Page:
For years I've been programming business apps, not hacking. I can get around a NT but am not super learned on all the network internals.
I'm working at a company where the boss thinks NAT will protect all the internal clients/servers. A DSL line, DSL modem, Linksys DSL router stand between the clients and the Internet. DHCP is enabled on the Linksys. Because he believes so much in NAT, we don't have passwords on any of the clients, and users often logon as administrator! I know, it's bad.
Without knowing anything about the network, besides the IP address of the cable modem, can someone provide a (simple?) recipe to get to a internal client (ex. 192.168.1.105), and leave evidence of the intrusion. I suspect several external hackers have done so already.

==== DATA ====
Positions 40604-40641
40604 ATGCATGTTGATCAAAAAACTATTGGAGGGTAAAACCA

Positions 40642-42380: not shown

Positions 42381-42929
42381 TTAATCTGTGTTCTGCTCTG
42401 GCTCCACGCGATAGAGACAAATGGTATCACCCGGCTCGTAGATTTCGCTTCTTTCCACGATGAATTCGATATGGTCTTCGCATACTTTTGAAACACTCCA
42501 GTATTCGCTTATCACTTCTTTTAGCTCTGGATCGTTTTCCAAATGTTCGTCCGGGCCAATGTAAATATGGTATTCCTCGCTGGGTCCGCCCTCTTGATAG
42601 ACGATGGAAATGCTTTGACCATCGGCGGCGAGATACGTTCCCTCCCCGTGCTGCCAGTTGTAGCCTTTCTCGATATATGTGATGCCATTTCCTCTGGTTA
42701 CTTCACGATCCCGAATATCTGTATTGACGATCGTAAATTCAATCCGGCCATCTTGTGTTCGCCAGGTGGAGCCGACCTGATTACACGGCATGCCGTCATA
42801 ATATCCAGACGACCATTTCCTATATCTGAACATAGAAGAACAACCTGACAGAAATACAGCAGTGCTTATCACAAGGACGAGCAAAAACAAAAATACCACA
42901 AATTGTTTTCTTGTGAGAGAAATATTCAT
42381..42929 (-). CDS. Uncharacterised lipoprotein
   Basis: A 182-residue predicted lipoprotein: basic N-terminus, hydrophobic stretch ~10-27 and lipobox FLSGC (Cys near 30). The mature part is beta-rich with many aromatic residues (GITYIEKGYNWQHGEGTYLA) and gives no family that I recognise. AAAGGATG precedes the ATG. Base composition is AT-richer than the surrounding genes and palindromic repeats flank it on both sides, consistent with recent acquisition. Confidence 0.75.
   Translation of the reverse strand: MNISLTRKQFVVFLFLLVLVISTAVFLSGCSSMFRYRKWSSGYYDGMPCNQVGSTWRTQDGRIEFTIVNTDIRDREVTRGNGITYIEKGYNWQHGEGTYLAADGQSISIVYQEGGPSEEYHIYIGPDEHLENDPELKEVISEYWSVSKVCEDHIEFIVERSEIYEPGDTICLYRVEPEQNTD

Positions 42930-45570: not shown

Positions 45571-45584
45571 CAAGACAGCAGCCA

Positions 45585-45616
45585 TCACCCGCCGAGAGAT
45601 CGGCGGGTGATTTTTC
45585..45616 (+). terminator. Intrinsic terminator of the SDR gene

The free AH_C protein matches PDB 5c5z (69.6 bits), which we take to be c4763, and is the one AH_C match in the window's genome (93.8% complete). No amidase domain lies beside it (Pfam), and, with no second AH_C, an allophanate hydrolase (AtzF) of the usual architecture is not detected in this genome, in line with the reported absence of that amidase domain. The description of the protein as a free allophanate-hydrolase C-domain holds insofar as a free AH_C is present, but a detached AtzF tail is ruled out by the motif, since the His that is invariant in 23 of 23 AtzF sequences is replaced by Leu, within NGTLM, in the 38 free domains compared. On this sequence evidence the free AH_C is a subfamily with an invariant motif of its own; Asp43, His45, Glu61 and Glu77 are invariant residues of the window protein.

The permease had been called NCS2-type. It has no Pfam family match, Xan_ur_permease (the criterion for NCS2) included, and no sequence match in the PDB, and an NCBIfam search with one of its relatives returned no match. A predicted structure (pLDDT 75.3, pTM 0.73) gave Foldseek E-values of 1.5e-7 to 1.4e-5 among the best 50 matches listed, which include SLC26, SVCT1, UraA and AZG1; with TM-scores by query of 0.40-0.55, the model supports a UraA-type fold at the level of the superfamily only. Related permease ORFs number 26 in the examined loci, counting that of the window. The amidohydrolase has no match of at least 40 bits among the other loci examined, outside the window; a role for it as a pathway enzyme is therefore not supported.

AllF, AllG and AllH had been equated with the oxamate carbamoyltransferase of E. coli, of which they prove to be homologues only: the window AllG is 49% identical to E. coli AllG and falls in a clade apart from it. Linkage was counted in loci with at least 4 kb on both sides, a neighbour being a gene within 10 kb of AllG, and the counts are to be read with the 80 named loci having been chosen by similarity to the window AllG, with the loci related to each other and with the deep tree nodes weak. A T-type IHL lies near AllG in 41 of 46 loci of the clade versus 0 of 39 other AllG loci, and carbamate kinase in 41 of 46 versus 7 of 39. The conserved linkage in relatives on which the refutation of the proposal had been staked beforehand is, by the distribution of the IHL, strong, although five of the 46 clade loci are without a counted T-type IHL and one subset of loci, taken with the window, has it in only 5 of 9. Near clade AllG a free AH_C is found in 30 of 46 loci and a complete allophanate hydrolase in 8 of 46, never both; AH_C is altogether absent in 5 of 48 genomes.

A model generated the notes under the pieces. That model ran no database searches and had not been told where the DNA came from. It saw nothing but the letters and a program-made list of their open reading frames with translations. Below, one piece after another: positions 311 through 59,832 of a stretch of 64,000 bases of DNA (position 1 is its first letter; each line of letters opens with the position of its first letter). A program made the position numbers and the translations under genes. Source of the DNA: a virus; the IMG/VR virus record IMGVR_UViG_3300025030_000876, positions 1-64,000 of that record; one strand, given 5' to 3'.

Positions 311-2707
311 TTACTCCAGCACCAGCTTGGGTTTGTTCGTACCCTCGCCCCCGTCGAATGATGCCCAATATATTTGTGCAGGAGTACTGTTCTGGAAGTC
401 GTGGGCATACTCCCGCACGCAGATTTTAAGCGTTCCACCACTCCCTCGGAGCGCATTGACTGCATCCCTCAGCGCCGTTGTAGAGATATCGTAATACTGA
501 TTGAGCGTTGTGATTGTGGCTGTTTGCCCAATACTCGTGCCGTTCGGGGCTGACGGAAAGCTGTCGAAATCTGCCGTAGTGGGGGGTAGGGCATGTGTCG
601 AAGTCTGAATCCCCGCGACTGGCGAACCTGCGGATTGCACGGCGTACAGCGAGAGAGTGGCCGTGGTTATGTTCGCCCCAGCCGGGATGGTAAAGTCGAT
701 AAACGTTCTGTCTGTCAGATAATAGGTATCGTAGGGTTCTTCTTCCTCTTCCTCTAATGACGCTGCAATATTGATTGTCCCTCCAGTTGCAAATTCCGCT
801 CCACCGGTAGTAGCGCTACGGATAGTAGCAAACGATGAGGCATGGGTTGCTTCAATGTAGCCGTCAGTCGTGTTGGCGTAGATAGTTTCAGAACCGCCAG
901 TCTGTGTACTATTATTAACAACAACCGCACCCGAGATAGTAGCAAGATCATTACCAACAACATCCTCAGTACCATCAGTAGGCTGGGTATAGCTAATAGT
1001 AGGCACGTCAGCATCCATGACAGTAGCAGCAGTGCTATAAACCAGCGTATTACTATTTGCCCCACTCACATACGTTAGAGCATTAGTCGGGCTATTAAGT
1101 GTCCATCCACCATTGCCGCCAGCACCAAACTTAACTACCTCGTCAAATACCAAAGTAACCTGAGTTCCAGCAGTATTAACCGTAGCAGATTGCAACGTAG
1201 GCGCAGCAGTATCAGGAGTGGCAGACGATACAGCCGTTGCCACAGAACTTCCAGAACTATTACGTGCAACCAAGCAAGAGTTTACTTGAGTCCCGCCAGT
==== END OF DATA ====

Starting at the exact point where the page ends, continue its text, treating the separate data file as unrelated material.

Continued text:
I don't want to do damage, but I want to PROVE that a half-way savy hacker can poke through his "security" model. Maybe then I can get him to see the wisdom of at least passwords.
The clients range from Win 98 to XP Pro. All flavors.
I've read many of the posts about security here. So there isn't a need to repeat NATs ability to protect--I'll just assume it doesn't and wait for the proof.